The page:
Directly measured free 25-hydroxy vitamin D levels show no evidence of vitamin D deficiency in young Swedish women with anorexia nervosa

  • Martin Carlsson
  • Lars Brudin
  • Pär WanbyEmail author
Original Article



Anorexia nervosa (AN) is an eating disorder characterized by low fat mass complicated by osteoporosis. The role of circulating vitamin D in the development of bone loss in AN is unclear. Fat mass is known to be inversely associated with vitamin D levels measured as serum levels of total, protein-bound 25-hydroxyvitamin D, but the importance of directly measured, free levels of 25(OH)D has not been determined in AN. The aim of this study was to investigate vitamin D status, as assessed by serum concentrations of total and free serum 25(OH)D in patients with AN and healthy controls.


In female AN patients (n = 20), and healthy female controls (n = 78), total 25(OH)D was measured by LC–MS/MS, and free 25(OH)D with ELISA. In patients with AN bone mineral density (BMD) was determined with DEXA.


There were no differences between patients and controls in total or free S-25(OH)D levels (80 ± 31 vs 72 ± 18 nmol/L, and 6.5 ± 2.5 vs 5.6 ± 1.8 pg/ml, respectively), and no association to BMD was found. In the entire group of patients and controls, both vitamin D parameters correlated with BMI, leptin, and PTH.


The current study did not demonstrate a vitamin D deficiency in patients with AN and our data does not support vitamin D deficiency as a contributing factor to bone loss in AN. Instead, we observed a trend toward higher vitamin D levels in AN subjects compared to controls. Measurement of free vitamin D levels did not contribute to additional information.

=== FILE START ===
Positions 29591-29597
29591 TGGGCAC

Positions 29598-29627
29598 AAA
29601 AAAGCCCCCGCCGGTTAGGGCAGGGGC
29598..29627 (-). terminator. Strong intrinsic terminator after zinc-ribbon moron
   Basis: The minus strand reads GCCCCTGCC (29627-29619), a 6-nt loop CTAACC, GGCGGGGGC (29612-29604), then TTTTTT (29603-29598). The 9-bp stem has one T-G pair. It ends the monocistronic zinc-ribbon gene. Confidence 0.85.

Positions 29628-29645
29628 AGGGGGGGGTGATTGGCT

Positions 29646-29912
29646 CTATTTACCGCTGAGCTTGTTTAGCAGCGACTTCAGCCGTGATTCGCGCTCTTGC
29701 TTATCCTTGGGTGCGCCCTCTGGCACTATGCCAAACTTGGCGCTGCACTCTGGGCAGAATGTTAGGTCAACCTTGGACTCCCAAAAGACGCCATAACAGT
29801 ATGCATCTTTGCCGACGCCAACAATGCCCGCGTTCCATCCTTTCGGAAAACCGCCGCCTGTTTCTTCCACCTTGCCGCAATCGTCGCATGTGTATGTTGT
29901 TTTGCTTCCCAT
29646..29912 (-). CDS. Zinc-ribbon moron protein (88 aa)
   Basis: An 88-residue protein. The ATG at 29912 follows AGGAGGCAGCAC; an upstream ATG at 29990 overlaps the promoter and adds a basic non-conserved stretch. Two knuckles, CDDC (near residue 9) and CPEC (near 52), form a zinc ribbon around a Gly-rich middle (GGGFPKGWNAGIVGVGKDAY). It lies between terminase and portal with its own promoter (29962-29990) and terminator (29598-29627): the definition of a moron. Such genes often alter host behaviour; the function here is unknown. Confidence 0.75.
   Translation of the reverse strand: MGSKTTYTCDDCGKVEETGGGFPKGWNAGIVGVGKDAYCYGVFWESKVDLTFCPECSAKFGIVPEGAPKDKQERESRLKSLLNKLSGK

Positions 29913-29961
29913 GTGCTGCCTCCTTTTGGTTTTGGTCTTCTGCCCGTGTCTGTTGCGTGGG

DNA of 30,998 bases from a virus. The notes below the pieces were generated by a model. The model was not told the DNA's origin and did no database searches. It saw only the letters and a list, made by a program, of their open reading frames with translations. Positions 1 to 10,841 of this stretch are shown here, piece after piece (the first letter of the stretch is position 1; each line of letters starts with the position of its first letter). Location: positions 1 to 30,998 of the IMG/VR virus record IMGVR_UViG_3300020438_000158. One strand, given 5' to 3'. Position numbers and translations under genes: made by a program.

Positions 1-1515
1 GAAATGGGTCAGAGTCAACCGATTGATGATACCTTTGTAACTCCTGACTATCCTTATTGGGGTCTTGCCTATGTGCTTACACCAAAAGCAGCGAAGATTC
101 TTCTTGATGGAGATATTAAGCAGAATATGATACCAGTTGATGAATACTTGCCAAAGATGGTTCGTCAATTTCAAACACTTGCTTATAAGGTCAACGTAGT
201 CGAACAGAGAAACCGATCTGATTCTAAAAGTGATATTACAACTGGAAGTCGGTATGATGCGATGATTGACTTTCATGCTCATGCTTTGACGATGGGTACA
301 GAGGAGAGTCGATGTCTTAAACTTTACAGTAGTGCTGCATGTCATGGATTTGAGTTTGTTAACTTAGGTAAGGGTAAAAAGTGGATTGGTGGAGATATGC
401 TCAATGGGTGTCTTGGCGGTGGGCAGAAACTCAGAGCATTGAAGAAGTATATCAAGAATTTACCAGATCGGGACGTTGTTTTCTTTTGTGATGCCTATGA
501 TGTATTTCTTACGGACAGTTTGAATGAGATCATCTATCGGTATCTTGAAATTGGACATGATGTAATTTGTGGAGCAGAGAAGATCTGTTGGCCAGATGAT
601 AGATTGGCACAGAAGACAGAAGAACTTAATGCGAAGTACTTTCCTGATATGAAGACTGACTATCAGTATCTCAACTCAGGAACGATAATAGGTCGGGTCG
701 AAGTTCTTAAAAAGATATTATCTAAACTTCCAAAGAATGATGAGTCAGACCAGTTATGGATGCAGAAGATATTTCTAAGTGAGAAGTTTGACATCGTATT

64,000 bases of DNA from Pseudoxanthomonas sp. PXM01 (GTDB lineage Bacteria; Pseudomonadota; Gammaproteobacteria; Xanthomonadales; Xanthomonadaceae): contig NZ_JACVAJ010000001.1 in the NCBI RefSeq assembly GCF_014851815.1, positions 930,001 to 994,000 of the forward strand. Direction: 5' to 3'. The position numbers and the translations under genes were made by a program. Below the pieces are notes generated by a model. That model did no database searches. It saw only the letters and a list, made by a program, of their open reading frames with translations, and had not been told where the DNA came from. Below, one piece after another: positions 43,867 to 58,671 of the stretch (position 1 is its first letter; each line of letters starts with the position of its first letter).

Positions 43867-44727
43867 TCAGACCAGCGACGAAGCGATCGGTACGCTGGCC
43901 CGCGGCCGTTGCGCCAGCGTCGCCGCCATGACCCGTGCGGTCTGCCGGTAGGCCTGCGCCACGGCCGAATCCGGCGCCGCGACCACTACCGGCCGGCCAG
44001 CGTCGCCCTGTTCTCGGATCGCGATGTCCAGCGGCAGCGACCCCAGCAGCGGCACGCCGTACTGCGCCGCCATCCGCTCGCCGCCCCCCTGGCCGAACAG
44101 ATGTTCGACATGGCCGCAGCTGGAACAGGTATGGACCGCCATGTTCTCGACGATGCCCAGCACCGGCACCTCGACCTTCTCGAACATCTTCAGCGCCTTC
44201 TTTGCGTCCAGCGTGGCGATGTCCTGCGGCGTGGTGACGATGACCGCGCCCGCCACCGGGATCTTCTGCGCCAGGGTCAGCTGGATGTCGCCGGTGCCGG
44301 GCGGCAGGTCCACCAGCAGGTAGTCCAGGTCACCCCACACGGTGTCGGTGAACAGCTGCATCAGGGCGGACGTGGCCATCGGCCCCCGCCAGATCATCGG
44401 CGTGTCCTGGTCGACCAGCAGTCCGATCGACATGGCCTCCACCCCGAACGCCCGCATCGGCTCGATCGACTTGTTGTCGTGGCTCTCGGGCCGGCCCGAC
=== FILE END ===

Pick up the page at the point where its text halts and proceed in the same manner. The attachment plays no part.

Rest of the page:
Osteoporosis Vitamin D Adipose tissue Anorexia nervosa Leptin Parathyroid hormone 



This work was supported by a grant from the Medical Research Council of Southeast Sweden (FORSS).We are also indebted to nurse Susanne Petersen and biomedical scientist Siv-Pingh Von, for their excellent assistance.

Compliance with ethical standards

Conflict of interest

On behalf of all authors, the corresponding author states that there is no conflict of interest.

Ethical approval

All procedures performed in studies involving human participants were in accordance with the ethical standards of the institutional and/or national research committee and with the 1964 Helsinki declaration and its later amendments or comparable ethical standards. The study was approved by the Regional Ethical Committee, Linköping, Sweden.

Informed consent

Informed consent was obtained from all individual participants included in the study.


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Copyright information

© Springer International Publishing Switzerland 2017

Authors and Affiliations

  1. 1.Department of Clinical ChemistryCounty Hospital of KalmarKalmarSweden
  2. 2.Department of Medicine and OptometryLinnaeus UniversityKalmarSweden
  3. 3.Department of Clinical PhysiologyCounty Hospital of KalmarKalmarSweden
  4. 4.Department of Medicine and Health SciencesUniversity Hospital LinkopingLinköpingSweden
  5. 5.Section of Endocrinology, Department of Internal MedicineCounty Hospital of KalmarKalmarSweden

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